When you could travel back in time (like in science fiction movies, comics or books) to the East Coast cities of the 18th century, you would have seen pink skies and a pink Sun on cloud-free days even around noon (weather situations under high pressure systems). The Sun beams would travel thru a layer with many aerosols including soot that absorb. Thus, just the red light of the Sun’s visible spectrum remains. As a high pressure system strengthened, visibility and air quality worsened and the sky would turn gradually more and more salmon pink redish (like during sunset). Take a look at paintings of cities from that time. These red skies still lasted into the mid 19th century. See for instance, Thomas Chambers’ painting Threatening Sky, Bay of New York. When you live in a region where wildfires are a natural process of the landscape evolution you may have a good idea of a reddish Sun, low visibility and pollution on days when the smoke rolls in, and how air pollution from hazardous smoke annoys in summer.
Summer retreats for the Rich
In the cities, dirt was everywhere, not just from horse dung. Soot and dust sedimented out of the often stagnant air contributing further to dirty streets in the city. Whoever was rich enough to retreat into their chalet in the mountains (Catskills, Adirondacks, Appalachian), at the Atlantic coast (Newport, Long Island, etc.) or on a lake would do so during the warm season. Note that at that time, the two holidays were not yet established.
Away from the cities, the air and environment was clean. The elevation made temperatures more bearable as temperature usually decreases with height in the region below about 10 km (6.21 miles) height (troposphere). The relatively cooler water of the Atlantic than the land led to see-breezes and welcome cooling. Rooms stayed at lower temperatures in these rural areas than in town. Summers in the country side were pleasant.
Dirty cities and working conditions forbid wearing white for non-rich people
It is obvious that you can’t wear white when you work 12 or more hours in the factory six days a week and have to wash your clothes by hand. On the contrary, rich people had their personnel to wash and iron the clothes. Consequently, they could afford to wear white (even when coming or leaving the city).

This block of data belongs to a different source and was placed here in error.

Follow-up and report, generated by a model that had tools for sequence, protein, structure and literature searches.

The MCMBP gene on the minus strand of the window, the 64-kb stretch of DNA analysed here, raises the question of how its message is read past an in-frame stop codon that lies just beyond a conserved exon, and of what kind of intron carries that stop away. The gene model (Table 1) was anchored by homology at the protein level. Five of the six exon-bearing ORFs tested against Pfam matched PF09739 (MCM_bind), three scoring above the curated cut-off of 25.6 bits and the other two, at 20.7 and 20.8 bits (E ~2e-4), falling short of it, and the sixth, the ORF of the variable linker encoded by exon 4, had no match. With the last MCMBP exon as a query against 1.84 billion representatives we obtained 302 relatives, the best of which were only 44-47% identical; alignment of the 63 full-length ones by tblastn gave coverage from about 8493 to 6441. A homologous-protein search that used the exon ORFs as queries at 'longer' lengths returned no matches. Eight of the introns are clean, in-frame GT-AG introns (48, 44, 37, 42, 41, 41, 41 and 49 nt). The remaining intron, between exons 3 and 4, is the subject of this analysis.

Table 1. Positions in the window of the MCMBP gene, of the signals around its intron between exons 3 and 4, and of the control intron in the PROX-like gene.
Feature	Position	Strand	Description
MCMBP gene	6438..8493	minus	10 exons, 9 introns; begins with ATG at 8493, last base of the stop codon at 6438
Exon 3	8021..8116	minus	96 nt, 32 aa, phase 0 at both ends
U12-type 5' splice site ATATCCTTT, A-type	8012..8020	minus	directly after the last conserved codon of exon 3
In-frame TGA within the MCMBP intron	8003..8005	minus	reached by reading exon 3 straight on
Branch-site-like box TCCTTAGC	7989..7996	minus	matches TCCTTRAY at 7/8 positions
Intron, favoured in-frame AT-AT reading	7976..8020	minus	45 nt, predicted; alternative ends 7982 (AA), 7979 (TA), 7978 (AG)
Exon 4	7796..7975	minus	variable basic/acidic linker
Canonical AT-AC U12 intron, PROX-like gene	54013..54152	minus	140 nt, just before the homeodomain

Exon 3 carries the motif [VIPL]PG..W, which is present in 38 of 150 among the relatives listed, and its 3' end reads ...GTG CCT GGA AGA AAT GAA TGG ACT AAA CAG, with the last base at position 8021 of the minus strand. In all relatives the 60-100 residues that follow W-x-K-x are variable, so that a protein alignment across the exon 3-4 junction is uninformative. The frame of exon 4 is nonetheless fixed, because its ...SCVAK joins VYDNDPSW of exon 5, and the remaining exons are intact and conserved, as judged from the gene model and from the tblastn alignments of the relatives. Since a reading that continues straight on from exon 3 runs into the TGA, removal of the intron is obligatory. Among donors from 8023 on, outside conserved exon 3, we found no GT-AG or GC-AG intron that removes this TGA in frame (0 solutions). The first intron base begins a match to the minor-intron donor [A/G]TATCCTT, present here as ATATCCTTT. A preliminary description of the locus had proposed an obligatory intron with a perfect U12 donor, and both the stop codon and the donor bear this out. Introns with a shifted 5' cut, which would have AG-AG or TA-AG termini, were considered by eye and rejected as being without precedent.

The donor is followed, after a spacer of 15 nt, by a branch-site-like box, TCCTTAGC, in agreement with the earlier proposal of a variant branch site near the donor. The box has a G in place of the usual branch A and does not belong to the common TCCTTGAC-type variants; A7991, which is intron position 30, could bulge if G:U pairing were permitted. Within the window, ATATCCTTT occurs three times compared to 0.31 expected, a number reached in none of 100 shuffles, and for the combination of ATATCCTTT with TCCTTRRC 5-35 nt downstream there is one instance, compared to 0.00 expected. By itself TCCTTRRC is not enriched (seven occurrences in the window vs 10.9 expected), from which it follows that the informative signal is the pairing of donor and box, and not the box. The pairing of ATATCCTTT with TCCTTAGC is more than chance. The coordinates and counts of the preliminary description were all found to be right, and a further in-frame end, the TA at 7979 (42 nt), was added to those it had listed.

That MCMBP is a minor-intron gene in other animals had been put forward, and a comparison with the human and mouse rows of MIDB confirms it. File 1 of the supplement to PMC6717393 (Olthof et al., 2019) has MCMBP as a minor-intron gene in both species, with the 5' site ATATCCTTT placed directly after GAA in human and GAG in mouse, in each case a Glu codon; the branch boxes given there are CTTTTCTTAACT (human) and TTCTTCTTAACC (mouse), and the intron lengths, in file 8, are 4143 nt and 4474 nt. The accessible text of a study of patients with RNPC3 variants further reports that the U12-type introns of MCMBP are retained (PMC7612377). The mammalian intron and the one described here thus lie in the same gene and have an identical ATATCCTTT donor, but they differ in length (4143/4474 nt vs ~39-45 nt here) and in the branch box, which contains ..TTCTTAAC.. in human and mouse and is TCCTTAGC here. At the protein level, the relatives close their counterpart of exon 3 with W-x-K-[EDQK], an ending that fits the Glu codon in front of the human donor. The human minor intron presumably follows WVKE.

Why is white an American summer color?
Between what today is known as Memorial Day and Labor Day, the Sun’s radiation reaching the surface is strong on cloud-free days. Thus, minor stains (colors) bleach when laundry is drying outside.
Obviously, light color clothes look dirty more easily than the dark ones. Consequently, the former have to be washed more often than the latter. During the warm season, laundry dries faster than in winter due to the exponential relationship of the saturation of water vapor pressure and temperature. At 90% relative humidity and a high temperature, for instance, air can take up more water vapor from the wet clothing than at the same humidity, but at low temperature.
Most likely meteorological conditions and the cleaness of the country side together led to the restriction of white to the warm season. Today, the color can be worn year round. The invention of washers and dryers made the laundry process less labor intensive. The possibilities of at-home dry-cleaning give you the freedom to wear your look when you want it.
The path from the color of an elite group to mainstream
These above facts gave the color the association with luxury. Like always in history, people dreamed of wearing what the upper class wore. Thus, the middle class (which only encompassed a few people at that time) started wearing white as Sunday’s Best. As working conditions improved in the 20th century, and cities became cleaner, more and more people picked up wearing the color that seemed to scream “This person has money.”
Summer white the modern way
Blame my European raising, that I have loved black at any age, my being a deep Winter-Autumn color-season wise, or the pleasant temperatures of May, June and July in the Interior of Alaska, I wear a lot of black in the warm season. To be honest, I dislike wearing more than one item in white in an outfit. And yes, there is not much of this color in my closet. Sure the all American Must-have button-down shirt, T-shirt, a pair of boyfriend jeans and of course, leather as well as some prints. Yes, you can wear leather in spring and summer.
Don’t let the right outfit be a random thing. Wear the right look in every situation by looking up what to wear when in How to Dress for Success in Midlife. Buy my book now.
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Photos of me: G. Kramm